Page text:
Therapeutic Modalities: For Sports Medicine and Athletic Training / Edition 5

Therapeutic Modalities: For Sports Medicine and Athletic Training / Edition 5

by William E. Prentice
     
 

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ISBN-10: 0072462116

ISBN-13: 9780072462111

Pub. Date: 05/28/2002

Publisher: McGraw-Hill Companies, The

This text is a contributed work by well-known trainers and educators, written under the direction of Dr. Prentice. The 6th edition continues to be the only text developed specifically for athletic trainers. This text is also appropriate for those physical therapists that are involved in a sports medicine curriculum.

Overview

This text is a contributed work by well-known trainers and educators, written under the direction of Dr. Prentice. The 6th edition continues to be the only text developed specifically for athletic trainers. This text is also appropriate for those physical therapists that are involved in a sports medicine curriculum.

Product Details

ISBN-13:
9780072462111
Publisher:
McGraw-Hill Companies, The
Publication date:
05/28/2002
Edition description:
Older Edition
Pages:
430

Table of Contents

Preface xi

Contributors xv

Part 1 Foundations of Therapeutic Modalities

1 The Basic Science of Therapeutic Modalities William E. Prentice Bob Blake 2

Forms of Energy 2

Electromagnetic Energy 3

The Relationship between Wavelength and Frequency 4

The Electromagnetic Energy Spectrum 4

How Is Electromagnetic Energy Produced? 6

Effects of Electromagnetic Radiations 7

Laws Governing the Effects of Electromagnetic Energy 7

Electromagnetic Energy Modalities 9

Thermal Energy 10

Thermal Energy Modalities 11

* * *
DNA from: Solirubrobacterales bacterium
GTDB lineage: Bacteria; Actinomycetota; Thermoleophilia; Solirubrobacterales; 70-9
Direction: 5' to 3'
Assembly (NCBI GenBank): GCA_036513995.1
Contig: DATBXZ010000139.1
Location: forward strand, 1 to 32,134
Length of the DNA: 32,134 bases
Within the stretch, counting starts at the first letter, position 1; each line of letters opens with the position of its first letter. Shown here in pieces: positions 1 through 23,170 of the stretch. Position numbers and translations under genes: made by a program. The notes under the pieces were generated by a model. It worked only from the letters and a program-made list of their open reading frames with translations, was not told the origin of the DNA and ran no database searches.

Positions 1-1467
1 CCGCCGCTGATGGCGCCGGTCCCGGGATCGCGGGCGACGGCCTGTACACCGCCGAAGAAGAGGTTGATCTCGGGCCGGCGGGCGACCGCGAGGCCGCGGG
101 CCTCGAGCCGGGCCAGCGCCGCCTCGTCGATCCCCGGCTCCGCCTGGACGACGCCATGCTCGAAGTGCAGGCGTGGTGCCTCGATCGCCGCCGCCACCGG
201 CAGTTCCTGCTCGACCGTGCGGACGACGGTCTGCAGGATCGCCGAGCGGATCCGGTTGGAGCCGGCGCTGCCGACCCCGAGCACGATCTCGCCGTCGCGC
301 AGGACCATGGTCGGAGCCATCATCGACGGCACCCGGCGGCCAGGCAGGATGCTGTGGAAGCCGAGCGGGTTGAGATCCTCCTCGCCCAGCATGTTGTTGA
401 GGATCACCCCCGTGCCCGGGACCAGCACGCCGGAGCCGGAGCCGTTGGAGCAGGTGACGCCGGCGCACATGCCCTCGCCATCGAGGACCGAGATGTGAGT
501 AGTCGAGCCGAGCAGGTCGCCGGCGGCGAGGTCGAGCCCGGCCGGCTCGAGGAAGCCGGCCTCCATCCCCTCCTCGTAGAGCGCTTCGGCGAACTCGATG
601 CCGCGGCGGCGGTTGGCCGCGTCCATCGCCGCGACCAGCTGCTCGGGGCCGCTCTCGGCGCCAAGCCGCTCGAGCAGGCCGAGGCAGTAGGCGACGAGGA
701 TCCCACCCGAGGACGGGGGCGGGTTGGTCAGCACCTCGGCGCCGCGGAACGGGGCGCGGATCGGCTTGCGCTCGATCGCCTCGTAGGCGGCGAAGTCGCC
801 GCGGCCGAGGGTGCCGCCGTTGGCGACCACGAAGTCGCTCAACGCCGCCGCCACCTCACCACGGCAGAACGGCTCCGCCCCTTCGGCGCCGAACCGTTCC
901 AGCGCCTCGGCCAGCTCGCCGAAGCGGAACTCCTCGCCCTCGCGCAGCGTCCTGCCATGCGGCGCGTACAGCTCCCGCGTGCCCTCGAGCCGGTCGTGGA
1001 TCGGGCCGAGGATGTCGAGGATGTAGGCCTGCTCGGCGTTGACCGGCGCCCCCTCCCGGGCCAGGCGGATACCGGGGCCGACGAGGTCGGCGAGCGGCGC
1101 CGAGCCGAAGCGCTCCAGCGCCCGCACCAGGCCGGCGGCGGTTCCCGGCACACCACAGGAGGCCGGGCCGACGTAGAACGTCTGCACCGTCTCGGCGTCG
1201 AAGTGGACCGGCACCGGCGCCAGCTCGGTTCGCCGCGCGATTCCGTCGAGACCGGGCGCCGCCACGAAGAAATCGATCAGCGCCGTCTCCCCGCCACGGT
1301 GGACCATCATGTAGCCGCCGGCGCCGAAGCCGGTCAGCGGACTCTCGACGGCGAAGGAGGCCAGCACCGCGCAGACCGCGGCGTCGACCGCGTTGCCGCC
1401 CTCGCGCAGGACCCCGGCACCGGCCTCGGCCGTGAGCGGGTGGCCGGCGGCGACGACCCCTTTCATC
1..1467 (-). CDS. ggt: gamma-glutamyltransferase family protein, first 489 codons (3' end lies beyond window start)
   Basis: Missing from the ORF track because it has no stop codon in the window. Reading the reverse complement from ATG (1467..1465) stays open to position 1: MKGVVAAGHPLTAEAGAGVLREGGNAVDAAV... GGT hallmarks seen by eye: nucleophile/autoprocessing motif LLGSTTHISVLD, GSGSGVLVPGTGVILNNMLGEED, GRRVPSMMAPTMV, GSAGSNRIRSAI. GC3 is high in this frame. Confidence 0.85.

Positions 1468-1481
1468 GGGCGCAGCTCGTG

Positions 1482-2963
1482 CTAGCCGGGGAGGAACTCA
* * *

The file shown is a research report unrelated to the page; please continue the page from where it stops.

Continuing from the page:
Electrical Energy 11

Electrical Energy Modalities 12

Sound Energy 12

Sound Energy Modalities 12

Mechanical Energy 13

Mechanical Energy Modalities 13

Summary 14

2 Using Therapeutic Modalities to Affect the Healing Process William E. Prentice 17

How Should the Athletic Trainer Use Therapeutic Modalities in Rehabilitation? 17

The Importance of Understanding the Healing Process 19

Inflammatory-Response Phase 19

Fibroplastic-Repair Phase 22

Maturation-Remodeling Phase 23

Factors That Impede Healing 24

How Should Therapeutic Modalities Be Used throughout the Rehabilitation Process? 25

Using Modalities in the Immediate First Aid Management of Injury 25

Modality Use in the Inflammatory-Response Phase 27

Modality Use in the Fibroblastic-Repair Phase 27

Modality Use in the Maturation-Remodeling Phase 28

Other Considerations in Treating Injury 29

Summary 29

3 Managing Pain with Therapeutic Modalities Craig R. Denegar William E. Prentice 33

Understanding Pain 33

Types of Pain 34

Pain Assessment 34

Pain Assessment Scales 35

Goals in Pain Management 38

Pain Perception 38

Sensory Receptors 38

Cognitive Influences 40

NeuralTransmission 40

Facilitators and Inhibitors of Synaptic Transmission 41

Nociception 43

Neurophysiological Explanations of Pain Control 44

The Gate Control Theory of Pain 45

Descending Pain Controls 45

β-endorphin and Dynorphin in Pain Control 46

Summary of Pain Control Mechanisms 48

Pain Management 48

Summary 49

Part 2 Thermal Energy Modalities

4 Cryotherapy and Thermotherapy William E. Prentice 55

Mechanisms of Heat Transfer 57

Appropriate Use of Cryotherapy and Thermotherapy Modalities 57

Clinical Use of the Conductive Energy Modalities 58

Effects of Tissue Temperature Change on Circulation 59

Effects of Tissue Temperature Change on Muscle Spasm 60

Effects of Temperature Change on Performance 61

Cryotherapy 62

Physiologic Effects of Tissue Cooling 62

Cryotherapy Treatment Techniques 65

Thermotherapy 78

Physiologic Effects of Tissue Healing 78